Scandal rocks Aussie sport
AUSTRALIAN sport has been rocked by a scandal that includes allegations of widespread drug-taking and even match-fixing.
Yesterday, the iconic Australian Rules football organisation admitted involvement in the scandal that was revealed last week in a bombshell report by the Australian Crime Commission (ACC), the country's top crime-fighting body.
The deputy chief executive of the Australian Football League (AFL), Gill McLachlan, admitted yesterday that the commission's report had identified "two specific cases where performance-enhancing drugs prohibited by the World Anti-Doping Agency (Wada) may have been used".
The sensational report, released last Thursday, said use of prohibited substances, including peptides, hormones and illicit drugs, was common across multiple sporting codes, sending shock waves through Australia. McLachlan said the AFL was aware of "potential multiple breaches" at Melbourne's Essendon Bombers, where "it is possible that players were administered the Wada-prohibited performance-enhancing drugs without their knowledge or consent".
One player at another club had also been identified, he added, declining to identify the individual or their team.
"All possible instances of Wada-prohibited performance-enhancing drug use identified will be investigated fully in cooperation with the Australian Sports Anti-Doping Authority to determine whether in fact there have been any breaches of the AFL's anti-doping code," McLachlan said.
However, he said the AFL was not aware of "any instance of suspected match-fixing in the AFL competition".
Separately, News Limited reported that six of Australia's 16 National Rugby League sides had been named in the probe, citing confidential sources.
NRL chief Dave Smith would not confirm the report, but said the sport was working closely with the ACC to "inform individual clubs that they have been the subject of intelligence-gathering".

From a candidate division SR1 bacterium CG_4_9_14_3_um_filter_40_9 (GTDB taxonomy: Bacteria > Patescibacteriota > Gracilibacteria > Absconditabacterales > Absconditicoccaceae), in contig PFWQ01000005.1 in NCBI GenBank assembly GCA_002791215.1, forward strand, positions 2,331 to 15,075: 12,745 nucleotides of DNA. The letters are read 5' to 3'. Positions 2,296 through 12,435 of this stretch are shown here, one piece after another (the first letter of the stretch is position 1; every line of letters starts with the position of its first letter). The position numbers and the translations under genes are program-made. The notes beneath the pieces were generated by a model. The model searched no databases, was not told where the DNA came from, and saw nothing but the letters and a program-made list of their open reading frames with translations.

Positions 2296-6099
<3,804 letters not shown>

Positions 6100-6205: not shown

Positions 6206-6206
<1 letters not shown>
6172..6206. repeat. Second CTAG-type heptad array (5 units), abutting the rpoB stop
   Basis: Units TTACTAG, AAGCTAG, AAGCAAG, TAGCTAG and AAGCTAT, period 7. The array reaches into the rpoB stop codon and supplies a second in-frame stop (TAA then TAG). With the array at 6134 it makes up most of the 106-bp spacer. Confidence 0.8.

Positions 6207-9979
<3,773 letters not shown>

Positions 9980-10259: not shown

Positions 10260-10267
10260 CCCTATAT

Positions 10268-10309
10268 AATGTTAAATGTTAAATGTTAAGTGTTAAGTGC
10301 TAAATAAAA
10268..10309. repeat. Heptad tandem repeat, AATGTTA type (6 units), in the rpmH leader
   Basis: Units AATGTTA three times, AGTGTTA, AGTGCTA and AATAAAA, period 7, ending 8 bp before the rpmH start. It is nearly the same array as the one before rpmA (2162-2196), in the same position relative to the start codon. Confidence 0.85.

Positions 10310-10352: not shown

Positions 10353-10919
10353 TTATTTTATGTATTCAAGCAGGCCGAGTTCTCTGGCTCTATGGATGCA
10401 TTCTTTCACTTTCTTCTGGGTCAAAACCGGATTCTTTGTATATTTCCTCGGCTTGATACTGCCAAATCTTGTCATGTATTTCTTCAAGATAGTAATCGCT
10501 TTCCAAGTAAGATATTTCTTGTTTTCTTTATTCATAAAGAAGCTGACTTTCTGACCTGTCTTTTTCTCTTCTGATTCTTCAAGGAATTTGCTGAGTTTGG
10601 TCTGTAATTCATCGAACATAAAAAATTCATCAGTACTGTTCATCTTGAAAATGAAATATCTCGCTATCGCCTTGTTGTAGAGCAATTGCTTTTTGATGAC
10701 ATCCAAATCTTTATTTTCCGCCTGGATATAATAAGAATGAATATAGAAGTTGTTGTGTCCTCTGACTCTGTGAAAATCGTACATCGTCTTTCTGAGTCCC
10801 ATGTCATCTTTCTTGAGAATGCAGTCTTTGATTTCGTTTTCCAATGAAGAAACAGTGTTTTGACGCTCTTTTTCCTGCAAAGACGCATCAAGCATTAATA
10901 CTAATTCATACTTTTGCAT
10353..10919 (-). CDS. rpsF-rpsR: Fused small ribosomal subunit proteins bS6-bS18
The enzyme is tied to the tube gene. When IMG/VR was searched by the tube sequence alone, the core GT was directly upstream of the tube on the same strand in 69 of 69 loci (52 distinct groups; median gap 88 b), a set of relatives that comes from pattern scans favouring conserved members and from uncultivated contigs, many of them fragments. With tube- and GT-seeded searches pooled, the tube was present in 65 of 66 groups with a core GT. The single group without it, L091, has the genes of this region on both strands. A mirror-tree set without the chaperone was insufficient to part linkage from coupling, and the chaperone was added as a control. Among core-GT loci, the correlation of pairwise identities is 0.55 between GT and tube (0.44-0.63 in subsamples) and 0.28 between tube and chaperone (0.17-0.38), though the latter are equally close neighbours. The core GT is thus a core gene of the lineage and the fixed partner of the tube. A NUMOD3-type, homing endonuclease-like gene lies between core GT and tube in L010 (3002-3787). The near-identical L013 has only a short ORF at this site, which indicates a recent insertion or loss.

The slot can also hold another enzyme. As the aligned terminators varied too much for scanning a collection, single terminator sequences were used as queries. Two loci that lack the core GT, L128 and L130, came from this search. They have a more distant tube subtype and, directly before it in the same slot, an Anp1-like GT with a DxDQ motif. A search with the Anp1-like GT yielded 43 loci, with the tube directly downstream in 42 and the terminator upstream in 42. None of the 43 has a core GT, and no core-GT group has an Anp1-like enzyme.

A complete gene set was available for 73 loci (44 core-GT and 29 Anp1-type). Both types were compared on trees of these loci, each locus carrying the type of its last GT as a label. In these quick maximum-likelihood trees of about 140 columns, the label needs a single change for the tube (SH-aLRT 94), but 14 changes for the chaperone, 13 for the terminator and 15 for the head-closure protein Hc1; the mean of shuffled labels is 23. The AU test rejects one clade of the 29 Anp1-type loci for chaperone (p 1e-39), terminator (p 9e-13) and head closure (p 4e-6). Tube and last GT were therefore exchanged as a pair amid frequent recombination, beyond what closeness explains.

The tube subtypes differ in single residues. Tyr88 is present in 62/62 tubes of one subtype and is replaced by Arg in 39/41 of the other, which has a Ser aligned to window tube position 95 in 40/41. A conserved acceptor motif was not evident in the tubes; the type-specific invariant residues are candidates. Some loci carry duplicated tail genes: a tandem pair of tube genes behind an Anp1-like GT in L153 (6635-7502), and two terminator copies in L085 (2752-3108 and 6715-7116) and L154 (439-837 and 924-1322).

"While acknowledging media speculation about the number of clubs today the NRL remains bound by strict legal constraints," he said.
"The NRL accepts there are frustrations for players, clubs and fans. However, the significance of these matters demands they are dealt with through a proper process."
Justice Minister Jason Clare stressed it was up to clubs to come clean on their involvement and not the place of the government or ACC - a stance backed by Smith.
"It'll be up to the clubs to put their hands up and say yes, we are affected by this investigation," Clare told ABC television.
Clare said the "veil of suspicion is hanging over all clubs" and "silence is not going to be the solution".
"I encourage all clubs that are affected to put their hands up and work with the authorities to make sure that we get this out of the game," the minister said.
Prime Minister Julia Gillard, an avid AFL fan, echoed the calls, urging transparency to restore trust in the sports-mad nation.
"I think fans are anxious to get to the bottom of this and fans are very anxious to know what the circumstances of their own club are. So I would say to clubs, please come clean; make sure that you tell your fans what is going on," she said.
High-profile doping cases have been rare in Australia, with bans for cricketer Shane Warne in 2003 and rugby's Wendell Sailor in 2006 among the exceptions.